DOUBLE VANOS: BMW’S VARIABLE VALVE TIMING MAKES ITS CONTRIBUTION TOO

In recent years, BMW engines have benefited from VANOS --- Variable NOckenwellen Steuerung, German for variable camshaft control or variable valve timing. Where the predecessor engine had VANOS steplessly variable intake-valve timing, the new one incorporates Double VANOS, affecting the intake and exhaust valves. In response to operating conditions and the driver’s demands for power, Double VANOS rotates the intake and exhaust camshafts steplessly between ‘‘earliest’’ and ‘‘latest’’ valve timing. (These extremes of the timing adjust are 40o apart for the intake camshafts, 25 deg apart for the exhaust camshafts.)

As in other BMW engines, Double VANOS enhances the engine’s torque, efficiency and emission control. In the new N62 engine, it operates in combination with Valvetronic to help achieve heretofore unknown levels of performance, efficiency and general operational excellence.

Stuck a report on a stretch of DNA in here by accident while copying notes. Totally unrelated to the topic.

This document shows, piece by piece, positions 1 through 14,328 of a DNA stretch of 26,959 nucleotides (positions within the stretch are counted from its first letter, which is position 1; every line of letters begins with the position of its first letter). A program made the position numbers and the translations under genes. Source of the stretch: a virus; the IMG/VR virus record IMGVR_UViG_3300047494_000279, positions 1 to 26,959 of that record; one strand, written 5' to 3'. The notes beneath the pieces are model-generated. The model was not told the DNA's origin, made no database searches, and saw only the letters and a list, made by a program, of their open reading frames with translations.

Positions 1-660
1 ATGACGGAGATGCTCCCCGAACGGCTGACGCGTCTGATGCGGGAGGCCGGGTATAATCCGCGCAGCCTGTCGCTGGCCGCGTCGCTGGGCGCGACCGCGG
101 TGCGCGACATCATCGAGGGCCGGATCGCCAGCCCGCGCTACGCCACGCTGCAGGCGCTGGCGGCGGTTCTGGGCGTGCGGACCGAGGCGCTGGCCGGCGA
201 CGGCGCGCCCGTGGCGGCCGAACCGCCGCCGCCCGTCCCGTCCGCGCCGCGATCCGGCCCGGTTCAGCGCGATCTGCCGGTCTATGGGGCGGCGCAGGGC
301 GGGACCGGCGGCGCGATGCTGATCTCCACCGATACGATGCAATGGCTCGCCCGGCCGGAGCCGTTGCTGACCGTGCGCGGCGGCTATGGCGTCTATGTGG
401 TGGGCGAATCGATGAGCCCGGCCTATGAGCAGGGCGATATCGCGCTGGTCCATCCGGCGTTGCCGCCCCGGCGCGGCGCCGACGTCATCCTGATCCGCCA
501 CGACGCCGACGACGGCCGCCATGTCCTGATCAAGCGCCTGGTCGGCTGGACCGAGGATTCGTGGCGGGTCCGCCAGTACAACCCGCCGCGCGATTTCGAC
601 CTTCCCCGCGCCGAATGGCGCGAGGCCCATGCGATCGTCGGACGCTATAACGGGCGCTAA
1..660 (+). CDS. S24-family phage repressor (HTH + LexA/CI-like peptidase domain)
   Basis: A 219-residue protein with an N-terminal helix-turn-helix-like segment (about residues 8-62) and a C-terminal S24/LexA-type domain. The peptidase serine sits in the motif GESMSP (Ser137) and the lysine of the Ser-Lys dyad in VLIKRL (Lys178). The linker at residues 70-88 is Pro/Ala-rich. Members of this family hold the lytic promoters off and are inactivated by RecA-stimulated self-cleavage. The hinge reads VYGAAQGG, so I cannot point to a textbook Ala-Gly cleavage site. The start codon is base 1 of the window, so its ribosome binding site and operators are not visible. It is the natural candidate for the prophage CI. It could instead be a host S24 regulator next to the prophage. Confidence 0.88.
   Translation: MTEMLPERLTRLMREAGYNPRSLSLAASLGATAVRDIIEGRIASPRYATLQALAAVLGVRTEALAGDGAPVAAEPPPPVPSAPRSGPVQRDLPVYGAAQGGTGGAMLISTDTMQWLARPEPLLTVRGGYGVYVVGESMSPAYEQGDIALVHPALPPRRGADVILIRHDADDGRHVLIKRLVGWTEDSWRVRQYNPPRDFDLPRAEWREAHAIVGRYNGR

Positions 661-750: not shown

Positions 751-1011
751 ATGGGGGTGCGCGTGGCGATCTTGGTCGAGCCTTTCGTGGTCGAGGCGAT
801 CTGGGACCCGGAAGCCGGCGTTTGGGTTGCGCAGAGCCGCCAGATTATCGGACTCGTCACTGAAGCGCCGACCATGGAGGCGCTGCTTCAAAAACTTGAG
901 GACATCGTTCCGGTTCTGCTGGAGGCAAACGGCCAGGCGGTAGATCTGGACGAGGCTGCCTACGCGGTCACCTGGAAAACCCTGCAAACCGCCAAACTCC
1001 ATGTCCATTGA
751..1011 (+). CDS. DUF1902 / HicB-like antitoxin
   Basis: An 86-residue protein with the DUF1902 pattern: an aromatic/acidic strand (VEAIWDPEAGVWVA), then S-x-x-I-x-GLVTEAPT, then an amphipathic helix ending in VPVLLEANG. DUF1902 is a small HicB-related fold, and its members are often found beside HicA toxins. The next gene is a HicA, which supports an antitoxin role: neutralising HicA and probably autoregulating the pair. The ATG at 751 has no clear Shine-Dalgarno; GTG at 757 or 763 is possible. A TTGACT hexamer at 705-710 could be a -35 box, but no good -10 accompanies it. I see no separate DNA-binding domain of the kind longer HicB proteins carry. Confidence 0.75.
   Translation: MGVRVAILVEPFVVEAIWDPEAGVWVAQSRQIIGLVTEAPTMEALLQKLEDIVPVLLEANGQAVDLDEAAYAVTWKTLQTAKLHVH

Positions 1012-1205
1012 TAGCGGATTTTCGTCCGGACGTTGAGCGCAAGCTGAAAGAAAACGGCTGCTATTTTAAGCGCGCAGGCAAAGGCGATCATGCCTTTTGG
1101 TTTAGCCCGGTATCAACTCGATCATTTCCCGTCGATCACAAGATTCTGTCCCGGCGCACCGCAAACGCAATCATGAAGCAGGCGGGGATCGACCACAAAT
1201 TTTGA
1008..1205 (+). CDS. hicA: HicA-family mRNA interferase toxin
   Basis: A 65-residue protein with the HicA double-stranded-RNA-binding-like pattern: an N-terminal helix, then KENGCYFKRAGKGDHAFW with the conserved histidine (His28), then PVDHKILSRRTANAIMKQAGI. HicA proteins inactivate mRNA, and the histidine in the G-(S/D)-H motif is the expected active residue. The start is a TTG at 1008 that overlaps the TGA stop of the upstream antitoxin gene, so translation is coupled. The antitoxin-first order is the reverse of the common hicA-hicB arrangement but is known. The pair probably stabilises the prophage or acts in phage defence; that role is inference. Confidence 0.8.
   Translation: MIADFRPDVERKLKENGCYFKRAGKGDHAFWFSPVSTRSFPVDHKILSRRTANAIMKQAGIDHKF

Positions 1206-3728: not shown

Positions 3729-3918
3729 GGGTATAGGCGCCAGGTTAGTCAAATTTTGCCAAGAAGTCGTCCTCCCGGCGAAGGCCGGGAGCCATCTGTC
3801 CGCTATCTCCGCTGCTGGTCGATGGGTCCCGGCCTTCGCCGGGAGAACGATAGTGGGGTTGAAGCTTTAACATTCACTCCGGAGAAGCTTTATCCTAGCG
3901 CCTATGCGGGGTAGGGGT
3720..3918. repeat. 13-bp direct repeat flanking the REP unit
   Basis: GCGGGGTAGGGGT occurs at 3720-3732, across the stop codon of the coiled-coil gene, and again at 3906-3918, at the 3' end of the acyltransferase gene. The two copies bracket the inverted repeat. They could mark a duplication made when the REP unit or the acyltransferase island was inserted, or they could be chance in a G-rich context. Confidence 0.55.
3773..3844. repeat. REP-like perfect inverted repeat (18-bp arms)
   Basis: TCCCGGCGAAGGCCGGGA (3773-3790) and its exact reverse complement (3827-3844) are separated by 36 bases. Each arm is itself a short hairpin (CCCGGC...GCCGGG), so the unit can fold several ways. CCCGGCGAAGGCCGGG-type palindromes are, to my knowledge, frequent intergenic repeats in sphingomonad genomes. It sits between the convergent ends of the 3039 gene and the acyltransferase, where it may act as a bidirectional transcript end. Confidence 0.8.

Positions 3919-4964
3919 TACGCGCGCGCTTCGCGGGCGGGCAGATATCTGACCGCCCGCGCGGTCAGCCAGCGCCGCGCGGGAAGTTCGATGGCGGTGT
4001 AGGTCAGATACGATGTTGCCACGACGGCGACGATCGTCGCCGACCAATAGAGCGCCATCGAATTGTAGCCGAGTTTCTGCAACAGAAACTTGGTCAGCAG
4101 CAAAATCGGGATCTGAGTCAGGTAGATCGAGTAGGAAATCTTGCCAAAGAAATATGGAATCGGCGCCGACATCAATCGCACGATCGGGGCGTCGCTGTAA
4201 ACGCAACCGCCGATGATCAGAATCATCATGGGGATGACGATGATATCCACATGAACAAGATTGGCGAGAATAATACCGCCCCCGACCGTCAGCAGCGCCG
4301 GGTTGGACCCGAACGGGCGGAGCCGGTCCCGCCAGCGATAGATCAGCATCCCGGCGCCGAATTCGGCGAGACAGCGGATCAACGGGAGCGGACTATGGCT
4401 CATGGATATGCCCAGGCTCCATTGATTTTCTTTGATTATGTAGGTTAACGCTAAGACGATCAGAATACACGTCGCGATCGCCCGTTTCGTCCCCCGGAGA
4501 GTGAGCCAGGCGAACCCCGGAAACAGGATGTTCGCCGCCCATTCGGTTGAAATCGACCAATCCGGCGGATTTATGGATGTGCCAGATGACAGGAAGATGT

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      12-27-2005, 03:04 PM   #2
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4.4L?

this must be old article, its a 4.8 L now with 360HP.

and that pic looks like a 745i
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      12-28-2005, 05:38 AM   #3
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Look at the end of that article, it was written in 2001


The new 4.8l N62B48TU engine has replaced that one
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      12-28-2005, 08:22 AM   #4
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      12-28-2005, 12:02 PM   #5